So, this is me copying the episode guide from the back of the box. There's a whole lot more to these eps than just the movie and TV mashups listed in the titles, but...yeah, those parodies do gobble up a lot of the screentime. I'm kind of hoping you don't really need me to spell out what's being skewered here:
I'm pretty sure the way it works is that the best years of Mad magazine kicked off whenever you scored your first issue. If you started thumbing through Mad in 1977, then that was the golden era, and everything that came out after that was eye-rollingly bleech. If your older brother snuck you your first issue in 1986, then...no, wait, that was when the mag was at its peak, and it was all downhill once you gave it up. Plug in whatever year you want. I think I was seven or eight when I first started reading the mag, and it was kind of one of those epochal my-life-will-never-be-the-same-after-this types of moments. Mad back then felt to me like a kind of adult thing, and I'd somehow managed to sneak in the back door to giggle at all the hysterical stuff the cooler, older kids were doing. It was subversive, dumb, and clever all at the same time, and there was a real sense of wit and artistry behind it all that I was too young to completely get but still somehow knew I was looking at something kind of amazing anyway. If this animated version of Mad was around back when I was in middle school, I'd have been totally obsessed with it. Well, if I were in middle school now, I mean, seeing as how I grew up in those dark days before Twilight and keyboard cat memes, and I think I started reading my first issues of Mad before Lady Gaga had squirted out of her mom's nether regions.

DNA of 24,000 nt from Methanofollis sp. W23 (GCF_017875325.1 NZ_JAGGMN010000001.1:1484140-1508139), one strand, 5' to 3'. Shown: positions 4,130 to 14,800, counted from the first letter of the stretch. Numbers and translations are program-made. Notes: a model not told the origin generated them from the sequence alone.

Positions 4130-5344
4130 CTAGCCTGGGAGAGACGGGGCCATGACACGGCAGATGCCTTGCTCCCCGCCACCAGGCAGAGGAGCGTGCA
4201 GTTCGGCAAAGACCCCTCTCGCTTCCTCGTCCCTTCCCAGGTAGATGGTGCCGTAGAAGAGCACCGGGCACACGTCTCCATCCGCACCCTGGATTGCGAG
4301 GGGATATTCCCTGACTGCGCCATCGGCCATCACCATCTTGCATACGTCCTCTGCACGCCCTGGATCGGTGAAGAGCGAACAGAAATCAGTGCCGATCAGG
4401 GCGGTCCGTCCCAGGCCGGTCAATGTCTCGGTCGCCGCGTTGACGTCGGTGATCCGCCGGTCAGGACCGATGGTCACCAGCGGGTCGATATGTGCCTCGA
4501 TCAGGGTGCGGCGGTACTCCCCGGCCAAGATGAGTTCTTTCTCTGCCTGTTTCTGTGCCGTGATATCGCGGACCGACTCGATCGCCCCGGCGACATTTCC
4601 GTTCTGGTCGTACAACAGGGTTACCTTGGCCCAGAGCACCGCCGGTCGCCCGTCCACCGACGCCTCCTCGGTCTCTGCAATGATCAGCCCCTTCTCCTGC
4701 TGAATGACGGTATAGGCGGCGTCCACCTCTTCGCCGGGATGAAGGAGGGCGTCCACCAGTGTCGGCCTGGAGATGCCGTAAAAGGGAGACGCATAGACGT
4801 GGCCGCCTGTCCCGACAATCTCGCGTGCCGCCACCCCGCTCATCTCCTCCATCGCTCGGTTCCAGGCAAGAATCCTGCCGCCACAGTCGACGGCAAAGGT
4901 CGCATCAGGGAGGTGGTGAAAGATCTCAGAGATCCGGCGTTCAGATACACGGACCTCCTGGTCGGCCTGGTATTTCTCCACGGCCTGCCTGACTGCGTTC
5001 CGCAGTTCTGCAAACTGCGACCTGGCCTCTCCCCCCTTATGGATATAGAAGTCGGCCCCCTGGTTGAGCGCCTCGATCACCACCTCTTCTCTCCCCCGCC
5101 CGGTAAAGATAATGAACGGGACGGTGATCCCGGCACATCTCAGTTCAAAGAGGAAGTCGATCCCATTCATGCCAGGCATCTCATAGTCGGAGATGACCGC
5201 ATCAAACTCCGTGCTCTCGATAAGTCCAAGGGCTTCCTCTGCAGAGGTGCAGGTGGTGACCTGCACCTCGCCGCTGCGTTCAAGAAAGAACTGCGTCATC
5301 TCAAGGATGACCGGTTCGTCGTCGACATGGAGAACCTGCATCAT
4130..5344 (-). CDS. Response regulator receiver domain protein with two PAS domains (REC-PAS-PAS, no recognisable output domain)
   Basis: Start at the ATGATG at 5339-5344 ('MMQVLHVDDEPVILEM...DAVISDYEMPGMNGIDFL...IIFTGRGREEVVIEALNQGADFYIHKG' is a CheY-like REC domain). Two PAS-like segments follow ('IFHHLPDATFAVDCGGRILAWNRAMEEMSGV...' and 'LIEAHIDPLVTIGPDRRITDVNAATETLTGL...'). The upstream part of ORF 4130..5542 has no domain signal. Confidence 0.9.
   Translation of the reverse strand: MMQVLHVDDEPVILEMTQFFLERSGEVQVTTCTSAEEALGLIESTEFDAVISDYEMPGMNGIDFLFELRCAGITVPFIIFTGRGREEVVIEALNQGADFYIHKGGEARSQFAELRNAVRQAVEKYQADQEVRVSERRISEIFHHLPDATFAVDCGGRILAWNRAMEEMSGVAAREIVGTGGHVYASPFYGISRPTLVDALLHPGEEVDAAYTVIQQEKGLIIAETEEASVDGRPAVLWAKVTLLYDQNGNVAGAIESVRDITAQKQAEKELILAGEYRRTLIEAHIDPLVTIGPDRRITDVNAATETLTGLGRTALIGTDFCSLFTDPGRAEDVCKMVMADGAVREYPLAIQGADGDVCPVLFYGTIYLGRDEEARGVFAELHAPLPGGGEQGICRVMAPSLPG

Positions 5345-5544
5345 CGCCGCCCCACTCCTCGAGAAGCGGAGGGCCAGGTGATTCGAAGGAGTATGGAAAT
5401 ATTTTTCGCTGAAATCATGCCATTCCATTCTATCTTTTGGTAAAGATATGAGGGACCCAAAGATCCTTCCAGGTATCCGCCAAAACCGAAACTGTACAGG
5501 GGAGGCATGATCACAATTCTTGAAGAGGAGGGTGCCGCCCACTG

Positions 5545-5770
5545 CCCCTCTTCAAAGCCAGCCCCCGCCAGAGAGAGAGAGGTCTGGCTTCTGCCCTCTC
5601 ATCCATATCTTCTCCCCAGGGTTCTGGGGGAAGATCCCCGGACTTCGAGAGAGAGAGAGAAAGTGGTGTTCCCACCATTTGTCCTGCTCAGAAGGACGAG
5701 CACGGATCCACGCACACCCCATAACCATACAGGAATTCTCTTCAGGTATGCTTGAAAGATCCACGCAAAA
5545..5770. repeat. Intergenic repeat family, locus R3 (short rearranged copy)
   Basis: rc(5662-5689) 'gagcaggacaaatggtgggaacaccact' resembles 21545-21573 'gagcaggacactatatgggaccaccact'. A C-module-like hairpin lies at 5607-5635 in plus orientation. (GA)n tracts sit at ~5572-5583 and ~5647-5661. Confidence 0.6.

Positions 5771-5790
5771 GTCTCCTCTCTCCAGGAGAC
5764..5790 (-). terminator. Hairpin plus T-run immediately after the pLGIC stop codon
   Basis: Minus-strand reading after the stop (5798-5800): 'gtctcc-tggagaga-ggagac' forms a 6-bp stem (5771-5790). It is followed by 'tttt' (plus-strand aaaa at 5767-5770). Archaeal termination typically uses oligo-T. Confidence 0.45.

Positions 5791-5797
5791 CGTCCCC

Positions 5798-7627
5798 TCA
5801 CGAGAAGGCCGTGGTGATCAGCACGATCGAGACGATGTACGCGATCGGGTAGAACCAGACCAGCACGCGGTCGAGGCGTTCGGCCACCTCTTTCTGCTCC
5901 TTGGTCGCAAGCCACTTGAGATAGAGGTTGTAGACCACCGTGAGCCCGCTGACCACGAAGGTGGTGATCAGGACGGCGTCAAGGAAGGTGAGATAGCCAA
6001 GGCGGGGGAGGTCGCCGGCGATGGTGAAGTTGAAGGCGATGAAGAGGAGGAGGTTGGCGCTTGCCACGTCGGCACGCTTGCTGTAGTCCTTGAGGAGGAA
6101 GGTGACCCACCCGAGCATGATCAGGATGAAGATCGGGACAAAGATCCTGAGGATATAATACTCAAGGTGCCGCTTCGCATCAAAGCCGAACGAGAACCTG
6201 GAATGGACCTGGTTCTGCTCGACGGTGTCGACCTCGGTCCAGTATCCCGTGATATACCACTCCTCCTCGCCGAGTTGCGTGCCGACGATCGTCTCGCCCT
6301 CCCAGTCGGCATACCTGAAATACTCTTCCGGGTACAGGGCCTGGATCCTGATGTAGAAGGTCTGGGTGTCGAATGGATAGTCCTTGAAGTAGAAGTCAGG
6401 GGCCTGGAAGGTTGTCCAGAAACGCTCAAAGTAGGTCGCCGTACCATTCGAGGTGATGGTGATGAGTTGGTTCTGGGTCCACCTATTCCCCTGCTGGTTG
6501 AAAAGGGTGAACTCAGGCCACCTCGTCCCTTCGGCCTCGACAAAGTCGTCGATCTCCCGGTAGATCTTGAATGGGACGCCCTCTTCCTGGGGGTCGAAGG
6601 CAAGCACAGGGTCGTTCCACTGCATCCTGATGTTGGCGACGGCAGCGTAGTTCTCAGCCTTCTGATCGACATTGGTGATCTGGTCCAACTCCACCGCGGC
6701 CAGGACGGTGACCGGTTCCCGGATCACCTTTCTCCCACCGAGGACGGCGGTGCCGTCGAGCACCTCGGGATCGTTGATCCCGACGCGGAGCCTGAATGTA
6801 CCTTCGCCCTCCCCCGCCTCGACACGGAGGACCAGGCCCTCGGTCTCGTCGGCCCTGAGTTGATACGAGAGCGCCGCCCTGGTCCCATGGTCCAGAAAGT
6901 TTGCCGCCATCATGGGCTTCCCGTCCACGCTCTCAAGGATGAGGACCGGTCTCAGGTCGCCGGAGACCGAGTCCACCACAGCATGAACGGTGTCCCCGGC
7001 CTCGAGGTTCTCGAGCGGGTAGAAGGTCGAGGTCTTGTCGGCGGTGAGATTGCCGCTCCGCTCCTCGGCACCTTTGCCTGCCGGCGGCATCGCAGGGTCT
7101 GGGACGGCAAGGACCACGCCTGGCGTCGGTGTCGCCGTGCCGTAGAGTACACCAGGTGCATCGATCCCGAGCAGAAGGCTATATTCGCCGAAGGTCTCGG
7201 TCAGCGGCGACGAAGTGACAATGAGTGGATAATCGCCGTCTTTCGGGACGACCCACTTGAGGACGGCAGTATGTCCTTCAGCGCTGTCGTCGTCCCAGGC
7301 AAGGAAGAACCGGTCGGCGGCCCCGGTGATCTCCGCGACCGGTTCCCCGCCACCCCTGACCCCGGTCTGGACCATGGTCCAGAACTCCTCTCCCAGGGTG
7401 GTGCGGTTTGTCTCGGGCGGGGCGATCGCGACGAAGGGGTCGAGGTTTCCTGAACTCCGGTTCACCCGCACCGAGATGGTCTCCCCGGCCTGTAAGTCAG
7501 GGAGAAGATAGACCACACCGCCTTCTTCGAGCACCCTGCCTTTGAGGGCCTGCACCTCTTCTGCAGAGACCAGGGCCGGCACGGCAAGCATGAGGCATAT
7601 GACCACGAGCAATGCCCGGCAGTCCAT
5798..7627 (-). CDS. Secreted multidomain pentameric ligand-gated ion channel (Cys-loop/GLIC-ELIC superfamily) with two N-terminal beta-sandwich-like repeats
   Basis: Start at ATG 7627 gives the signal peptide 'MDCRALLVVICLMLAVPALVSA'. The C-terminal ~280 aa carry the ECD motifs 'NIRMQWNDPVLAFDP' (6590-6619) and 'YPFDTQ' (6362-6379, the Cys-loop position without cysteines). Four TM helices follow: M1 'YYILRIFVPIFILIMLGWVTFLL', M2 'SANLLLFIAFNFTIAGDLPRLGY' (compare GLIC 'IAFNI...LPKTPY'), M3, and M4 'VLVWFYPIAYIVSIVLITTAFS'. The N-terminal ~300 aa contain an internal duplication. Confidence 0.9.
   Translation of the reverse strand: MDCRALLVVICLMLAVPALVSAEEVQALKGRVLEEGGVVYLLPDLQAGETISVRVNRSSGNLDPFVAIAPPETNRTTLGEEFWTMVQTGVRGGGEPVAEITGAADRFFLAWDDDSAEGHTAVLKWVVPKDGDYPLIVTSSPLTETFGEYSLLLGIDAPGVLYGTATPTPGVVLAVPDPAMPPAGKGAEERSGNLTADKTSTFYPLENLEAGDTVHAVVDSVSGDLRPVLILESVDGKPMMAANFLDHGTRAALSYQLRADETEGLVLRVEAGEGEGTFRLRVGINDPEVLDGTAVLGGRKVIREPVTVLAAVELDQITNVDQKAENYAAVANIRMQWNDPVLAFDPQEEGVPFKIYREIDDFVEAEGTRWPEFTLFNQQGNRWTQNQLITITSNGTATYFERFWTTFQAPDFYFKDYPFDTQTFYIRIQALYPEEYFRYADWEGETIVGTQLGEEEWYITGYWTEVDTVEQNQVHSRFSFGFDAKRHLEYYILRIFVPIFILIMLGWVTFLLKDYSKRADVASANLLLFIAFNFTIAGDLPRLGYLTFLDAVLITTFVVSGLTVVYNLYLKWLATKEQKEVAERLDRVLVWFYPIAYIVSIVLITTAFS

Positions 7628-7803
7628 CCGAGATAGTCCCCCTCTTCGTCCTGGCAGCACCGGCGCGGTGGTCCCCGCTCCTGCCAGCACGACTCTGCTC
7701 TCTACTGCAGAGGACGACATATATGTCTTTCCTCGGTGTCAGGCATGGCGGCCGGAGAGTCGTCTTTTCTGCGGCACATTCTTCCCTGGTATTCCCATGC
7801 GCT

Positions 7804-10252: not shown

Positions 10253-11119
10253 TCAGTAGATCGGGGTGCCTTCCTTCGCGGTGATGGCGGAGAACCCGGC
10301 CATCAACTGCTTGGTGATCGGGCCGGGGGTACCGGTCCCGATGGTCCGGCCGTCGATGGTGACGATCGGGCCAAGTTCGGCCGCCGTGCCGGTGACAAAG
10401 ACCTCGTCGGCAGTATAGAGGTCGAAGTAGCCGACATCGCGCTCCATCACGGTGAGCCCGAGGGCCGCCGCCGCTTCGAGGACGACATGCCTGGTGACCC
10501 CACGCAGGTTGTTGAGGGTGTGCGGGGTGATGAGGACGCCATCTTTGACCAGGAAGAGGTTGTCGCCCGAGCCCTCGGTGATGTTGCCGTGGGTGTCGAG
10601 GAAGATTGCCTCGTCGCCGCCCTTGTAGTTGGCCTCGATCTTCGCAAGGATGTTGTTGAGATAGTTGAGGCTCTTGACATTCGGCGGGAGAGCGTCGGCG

This show, the same as the mag that inspired it, isn't something you can really pin down into a few words. There's no house style, for one. You might get a collage of movie star heads plowing their way through a parody of Avatar or Iron Man, then you'll get some kind of elaborate stop motion animation, that'll be followed by something straight out of the Don Martin playbook, and it'll all close out with some squiggly Flash animation. Mad skews towards a lot of stuff junior high schoolers would be into: Twilight, Justin Bieber, the tween brigade on Nickelodeon and the Disney Channel, and some childish stuff far enough in the rear view mirror for them to wanna mock, like Dora the Explorer, Blue's Clues, and Clifford the Big Red Dog. The show doesn't really pander, though. I mean, there's an extended riff on The Fantastic Mr. Fox, a movie not a whole helluva lot of twelve year olds have seen. The inane, completely arbitrary, wait-why-didn't-they-just-fly-in-the-guy-who-can-turn-into-a-jet plots of the Transformers movies get skewered in a way that does Mad magazine proud, and even though the junior set will probably crack up at it, it'll take someone a little older to really appreciate the satire there. The impressions of Tom Hanks and Nic Cage in The DaGrinchy Code are so howlingly dead-on that I feel like I should write a fan letter or something. ...and how many middle schoolers religiously watch Chuck or grew up with Super Friends and Mega Man II? Not many, but...hey, I did, so that's kinda great for me. So, you get smart, inspired parodies on one end, and then you get lotsa gags about vomit and snot and farting on the other. It's fun for the whole family!